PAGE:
I think that the passage of time has probably diluted some of the way in which Mencken depicted Southerners in his essay, but some of those elements are still present in how the South is viewed today. The common caricature of the South is one where a lack of education is evident. The backwoods, "White trash," hillbilly is still a construction regarding the depiction of Southerners. In this, one can find some resonance in the items that Mencken brings out in his essay:
In all that gargantuan paradise of the fourth-rate there is not a single picture gallery worth going into, or a single orchestra capable of playing the nine symphonies of Beethoven, or a single opera-house, or a single theater devoted to decent plays, or a single public monument that is worth looking at, or a single workshop devoted to the making of beautiful things.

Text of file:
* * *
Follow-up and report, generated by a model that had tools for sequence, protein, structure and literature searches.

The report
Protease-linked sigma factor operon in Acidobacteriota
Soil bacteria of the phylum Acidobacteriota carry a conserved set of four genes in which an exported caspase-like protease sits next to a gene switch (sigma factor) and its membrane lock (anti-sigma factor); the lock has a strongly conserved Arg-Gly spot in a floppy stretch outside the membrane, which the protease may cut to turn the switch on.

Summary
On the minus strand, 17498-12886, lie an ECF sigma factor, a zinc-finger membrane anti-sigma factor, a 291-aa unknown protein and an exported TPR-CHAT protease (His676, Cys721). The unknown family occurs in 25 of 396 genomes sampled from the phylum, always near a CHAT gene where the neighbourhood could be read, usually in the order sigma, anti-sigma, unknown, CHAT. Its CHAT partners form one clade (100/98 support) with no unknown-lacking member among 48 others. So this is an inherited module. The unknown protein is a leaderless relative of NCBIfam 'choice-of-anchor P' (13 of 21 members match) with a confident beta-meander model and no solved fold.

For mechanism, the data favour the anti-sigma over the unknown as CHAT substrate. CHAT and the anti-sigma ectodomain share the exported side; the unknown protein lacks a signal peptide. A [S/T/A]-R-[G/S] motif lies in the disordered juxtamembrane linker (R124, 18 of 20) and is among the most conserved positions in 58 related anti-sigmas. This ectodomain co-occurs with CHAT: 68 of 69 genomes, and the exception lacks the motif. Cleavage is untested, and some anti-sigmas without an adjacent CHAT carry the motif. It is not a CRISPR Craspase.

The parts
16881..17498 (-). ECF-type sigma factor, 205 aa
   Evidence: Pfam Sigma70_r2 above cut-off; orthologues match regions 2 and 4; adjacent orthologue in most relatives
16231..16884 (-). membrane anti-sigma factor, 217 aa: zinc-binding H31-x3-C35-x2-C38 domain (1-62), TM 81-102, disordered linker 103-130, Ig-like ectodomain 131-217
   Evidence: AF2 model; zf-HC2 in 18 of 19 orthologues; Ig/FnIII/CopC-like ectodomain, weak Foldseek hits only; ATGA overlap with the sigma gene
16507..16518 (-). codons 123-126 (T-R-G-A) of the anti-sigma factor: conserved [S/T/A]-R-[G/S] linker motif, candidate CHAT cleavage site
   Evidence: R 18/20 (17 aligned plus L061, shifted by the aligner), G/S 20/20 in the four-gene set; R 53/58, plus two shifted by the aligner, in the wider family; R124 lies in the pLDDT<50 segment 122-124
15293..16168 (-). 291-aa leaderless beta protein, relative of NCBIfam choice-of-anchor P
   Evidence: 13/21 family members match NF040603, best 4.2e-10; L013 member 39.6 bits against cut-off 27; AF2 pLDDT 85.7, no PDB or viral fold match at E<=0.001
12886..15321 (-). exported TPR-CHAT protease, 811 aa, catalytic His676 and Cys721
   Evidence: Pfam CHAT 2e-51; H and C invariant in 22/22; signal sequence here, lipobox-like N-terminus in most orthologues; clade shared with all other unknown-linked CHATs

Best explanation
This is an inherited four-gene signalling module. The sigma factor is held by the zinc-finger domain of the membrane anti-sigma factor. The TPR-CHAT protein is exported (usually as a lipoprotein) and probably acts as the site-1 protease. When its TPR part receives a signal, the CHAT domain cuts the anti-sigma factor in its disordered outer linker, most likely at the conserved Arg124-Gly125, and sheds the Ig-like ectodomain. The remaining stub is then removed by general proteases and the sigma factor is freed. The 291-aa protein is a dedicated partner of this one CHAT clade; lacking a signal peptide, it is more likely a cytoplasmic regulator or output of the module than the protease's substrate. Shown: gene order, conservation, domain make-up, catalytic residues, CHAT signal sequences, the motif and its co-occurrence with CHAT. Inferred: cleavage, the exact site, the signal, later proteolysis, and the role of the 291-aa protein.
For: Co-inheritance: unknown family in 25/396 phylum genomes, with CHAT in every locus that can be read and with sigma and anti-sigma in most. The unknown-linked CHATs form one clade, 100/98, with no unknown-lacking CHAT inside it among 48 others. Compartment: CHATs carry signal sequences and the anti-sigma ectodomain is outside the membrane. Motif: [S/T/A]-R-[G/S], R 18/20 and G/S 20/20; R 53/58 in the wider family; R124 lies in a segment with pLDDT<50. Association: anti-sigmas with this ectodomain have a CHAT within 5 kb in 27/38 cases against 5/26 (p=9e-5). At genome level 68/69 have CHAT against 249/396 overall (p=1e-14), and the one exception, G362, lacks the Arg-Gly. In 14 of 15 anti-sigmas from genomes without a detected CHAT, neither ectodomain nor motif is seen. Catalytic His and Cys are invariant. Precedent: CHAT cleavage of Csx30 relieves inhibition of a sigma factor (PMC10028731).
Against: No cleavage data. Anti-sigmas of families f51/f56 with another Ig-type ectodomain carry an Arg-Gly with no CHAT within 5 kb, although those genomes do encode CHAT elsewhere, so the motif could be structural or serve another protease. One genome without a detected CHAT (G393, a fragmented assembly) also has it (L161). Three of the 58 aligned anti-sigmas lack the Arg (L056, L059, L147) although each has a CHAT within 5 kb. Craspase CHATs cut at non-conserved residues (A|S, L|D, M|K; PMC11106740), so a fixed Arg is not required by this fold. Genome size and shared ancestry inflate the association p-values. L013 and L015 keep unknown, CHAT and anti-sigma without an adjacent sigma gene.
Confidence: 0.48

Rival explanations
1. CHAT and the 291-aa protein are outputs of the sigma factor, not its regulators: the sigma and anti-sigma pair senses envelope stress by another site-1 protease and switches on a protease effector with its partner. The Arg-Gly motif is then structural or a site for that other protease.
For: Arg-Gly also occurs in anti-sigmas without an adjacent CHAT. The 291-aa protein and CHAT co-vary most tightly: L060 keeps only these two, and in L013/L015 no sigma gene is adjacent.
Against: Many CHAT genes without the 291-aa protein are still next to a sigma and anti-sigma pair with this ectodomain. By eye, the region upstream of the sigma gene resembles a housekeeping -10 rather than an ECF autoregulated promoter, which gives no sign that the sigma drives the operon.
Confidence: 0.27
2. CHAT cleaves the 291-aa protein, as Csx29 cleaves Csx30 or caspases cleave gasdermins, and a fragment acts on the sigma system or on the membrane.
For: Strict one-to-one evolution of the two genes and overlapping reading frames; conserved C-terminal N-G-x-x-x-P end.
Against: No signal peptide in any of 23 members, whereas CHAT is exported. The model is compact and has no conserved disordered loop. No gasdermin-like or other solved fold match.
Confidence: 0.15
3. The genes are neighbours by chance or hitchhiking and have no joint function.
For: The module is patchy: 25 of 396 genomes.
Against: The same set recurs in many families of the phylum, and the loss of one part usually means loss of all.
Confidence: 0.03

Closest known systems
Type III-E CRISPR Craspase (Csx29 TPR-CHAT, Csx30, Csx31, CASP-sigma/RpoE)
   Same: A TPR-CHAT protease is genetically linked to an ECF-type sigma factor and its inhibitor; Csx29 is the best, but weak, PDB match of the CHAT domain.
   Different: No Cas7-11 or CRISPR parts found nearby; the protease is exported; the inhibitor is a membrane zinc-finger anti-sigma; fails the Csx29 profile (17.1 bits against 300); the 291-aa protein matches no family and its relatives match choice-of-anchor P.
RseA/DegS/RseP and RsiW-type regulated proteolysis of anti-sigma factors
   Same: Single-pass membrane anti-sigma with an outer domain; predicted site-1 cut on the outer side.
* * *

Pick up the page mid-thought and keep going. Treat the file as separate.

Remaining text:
This is still a stereotype that exists to a lesser extent that the South is still filled with racists who live and perish off of NASCAR racing, comprised of people who say, "Git er done!" Mencken's assertion that the South "lacks all civilized culture" is still present in the standard depiction of the South today, albeit to a considerably less extent that his original intent.